photo: Matěj Smetana, Lýdia Pribišová
The exhibition Amnesia, in which five authors from various countries are participating, takes as a theme the issue of human memory on both an individual level and in terms of collective memory. Memory is not an isolated human quality, but a component of our thinking.
In their works, the authors focus attention on various aspects of a fundamental human ability – ‘to remember’ or ‘not to remember’, viewed from the perspective of its normative prerequisites of recording, accumulating, selecting, displacing and forgetting as a game with the non-existing, unclear, undefined dematerialized feeling of remembering or forgetting. Memory is characterized by multiplicity. Every residue, whether we register it as a sensory perception or something that arises in the world of our imagination, leaves behind a trace that can later be eradicated. Thoughts and feelings, insights and sensory perceptions, as well as the connections between them and the knowledge already recorded in our brains, operate together. Amnesia is a circumscribed loss of memory traces. In medicinal terms, amnesia is called pathological memory impairment, characterized by partial or complete loss of memory while the other mental functions remain healthy. The artists examine the issue from various perspectives.
Viktor Kótun, by means of his happening I'm Reading a Burning Newspaper (2011-2013), considers the words of the American journalist H. L. Mencken, who claimed that "A newspaper is a device for making the ignorant more ignorant and the crazy crazier." Burning the newspaper is a reconstruction of a 1970 happening initiated by the Hungarian artist Endre Tót, a representative of the Fluxus movement. The position of the media is ambivalent: it informs, but also obfuscates, manipulating information and consciously letting some be forgotten. Viktor Kótun draws attention to this "social amnesia" by reading a burning newspaper.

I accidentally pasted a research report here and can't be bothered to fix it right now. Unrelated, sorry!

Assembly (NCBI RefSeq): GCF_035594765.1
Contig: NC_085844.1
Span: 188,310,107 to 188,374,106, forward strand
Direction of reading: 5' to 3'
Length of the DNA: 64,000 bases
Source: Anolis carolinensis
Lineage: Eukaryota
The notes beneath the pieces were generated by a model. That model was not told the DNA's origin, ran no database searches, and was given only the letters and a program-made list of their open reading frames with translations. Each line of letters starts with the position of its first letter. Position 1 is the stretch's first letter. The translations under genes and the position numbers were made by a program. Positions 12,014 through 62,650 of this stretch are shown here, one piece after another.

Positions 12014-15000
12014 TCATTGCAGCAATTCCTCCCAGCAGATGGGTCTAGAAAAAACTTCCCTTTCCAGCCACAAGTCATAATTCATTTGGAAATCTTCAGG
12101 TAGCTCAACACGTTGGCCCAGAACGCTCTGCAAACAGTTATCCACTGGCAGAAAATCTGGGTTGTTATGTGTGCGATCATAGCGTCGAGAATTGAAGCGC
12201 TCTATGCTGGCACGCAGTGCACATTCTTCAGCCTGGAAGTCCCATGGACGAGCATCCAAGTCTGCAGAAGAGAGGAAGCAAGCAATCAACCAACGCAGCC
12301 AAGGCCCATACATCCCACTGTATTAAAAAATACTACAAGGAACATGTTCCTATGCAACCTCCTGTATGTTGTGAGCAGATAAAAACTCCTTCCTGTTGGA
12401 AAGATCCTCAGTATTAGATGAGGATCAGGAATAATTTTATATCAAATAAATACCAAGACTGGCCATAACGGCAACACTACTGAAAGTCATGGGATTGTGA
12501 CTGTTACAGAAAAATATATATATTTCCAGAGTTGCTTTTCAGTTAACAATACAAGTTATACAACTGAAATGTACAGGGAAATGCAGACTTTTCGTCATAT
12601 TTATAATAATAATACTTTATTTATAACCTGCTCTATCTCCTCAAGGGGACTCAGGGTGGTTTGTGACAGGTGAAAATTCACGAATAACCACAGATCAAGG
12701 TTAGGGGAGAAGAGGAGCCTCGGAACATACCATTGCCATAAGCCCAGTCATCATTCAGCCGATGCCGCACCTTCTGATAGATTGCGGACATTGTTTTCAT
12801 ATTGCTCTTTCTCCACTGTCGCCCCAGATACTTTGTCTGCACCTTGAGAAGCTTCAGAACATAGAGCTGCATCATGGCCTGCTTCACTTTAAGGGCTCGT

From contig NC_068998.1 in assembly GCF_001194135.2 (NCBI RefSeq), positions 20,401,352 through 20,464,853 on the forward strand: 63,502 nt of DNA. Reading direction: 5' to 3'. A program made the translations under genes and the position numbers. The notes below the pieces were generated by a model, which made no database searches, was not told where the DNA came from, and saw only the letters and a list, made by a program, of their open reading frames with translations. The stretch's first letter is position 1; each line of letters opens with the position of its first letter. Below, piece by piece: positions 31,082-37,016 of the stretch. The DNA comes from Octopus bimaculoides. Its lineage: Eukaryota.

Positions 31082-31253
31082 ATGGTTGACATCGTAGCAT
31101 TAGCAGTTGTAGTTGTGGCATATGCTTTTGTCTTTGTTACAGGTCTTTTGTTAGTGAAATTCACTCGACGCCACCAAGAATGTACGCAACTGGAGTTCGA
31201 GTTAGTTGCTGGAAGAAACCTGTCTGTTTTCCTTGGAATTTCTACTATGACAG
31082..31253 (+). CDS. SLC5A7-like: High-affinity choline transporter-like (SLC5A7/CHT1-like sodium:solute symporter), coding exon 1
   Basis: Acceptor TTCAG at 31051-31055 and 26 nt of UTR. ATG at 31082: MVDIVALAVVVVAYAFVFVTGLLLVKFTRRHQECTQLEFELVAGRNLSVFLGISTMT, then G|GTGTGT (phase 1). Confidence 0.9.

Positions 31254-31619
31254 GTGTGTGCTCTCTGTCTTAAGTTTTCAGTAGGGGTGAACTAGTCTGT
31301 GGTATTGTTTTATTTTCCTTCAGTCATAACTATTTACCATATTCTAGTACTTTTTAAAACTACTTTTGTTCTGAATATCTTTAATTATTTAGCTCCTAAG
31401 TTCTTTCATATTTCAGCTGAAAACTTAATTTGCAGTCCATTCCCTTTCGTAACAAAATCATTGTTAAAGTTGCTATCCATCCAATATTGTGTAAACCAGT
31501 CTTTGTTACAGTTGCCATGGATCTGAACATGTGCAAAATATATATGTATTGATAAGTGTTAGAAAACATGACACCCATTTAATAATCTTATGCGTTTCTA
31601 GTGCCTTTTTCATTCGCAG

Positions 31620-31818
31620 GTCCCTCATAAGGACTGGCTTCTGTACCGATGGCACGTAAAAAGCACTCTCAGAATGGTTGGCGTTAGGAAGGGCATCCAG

Navid Nuur presents his ‘visual poem’ – the declaration Vision Needs No Eyes to See (2004-2014), moulded into the plaster on the gallery wall.
Monika Pavlechová prepared for the exhibition the installation Family Album (2014), which is based on an extensive multi-generational collection of family photos. Individual memory is projected through family photos that constitute an emotional memory archive preserving no longer existent images. Through it, we can remember them. The collection of family photo materials is an exceptionally sensitive, delicate personal article, which was preserved in the family, is built consistently and concentratedly and passed on from generation to generation.
Matej Smetana examines the theme detachedly, with his particular brand of humour. In the animated film The Last painters on Earth (2012), he captures the short stories of four people shortly before the end of the World. In all cases they carry out acts that can be labelled in some sense as painting. In addition to the film, he also exhibits a digital drawing on paper called The Dust and the Dropper (2013).
Ino Varvariti focused during a six-month stay in Vienna in 2007 on mapping commemorative plaques sited in various locations of the Austrian capital. She gets to know the city and its history through the people commemorated in the memorials. The commemorative plaques cast light on a certain part of history, a specific view of it, while the other side remains unrecognized in the background. By means of the plaques, individual lives come within the scope of the collective memory of the city. The artist exhibits database records, maps, drawings and collages from her project Research (2008-2009).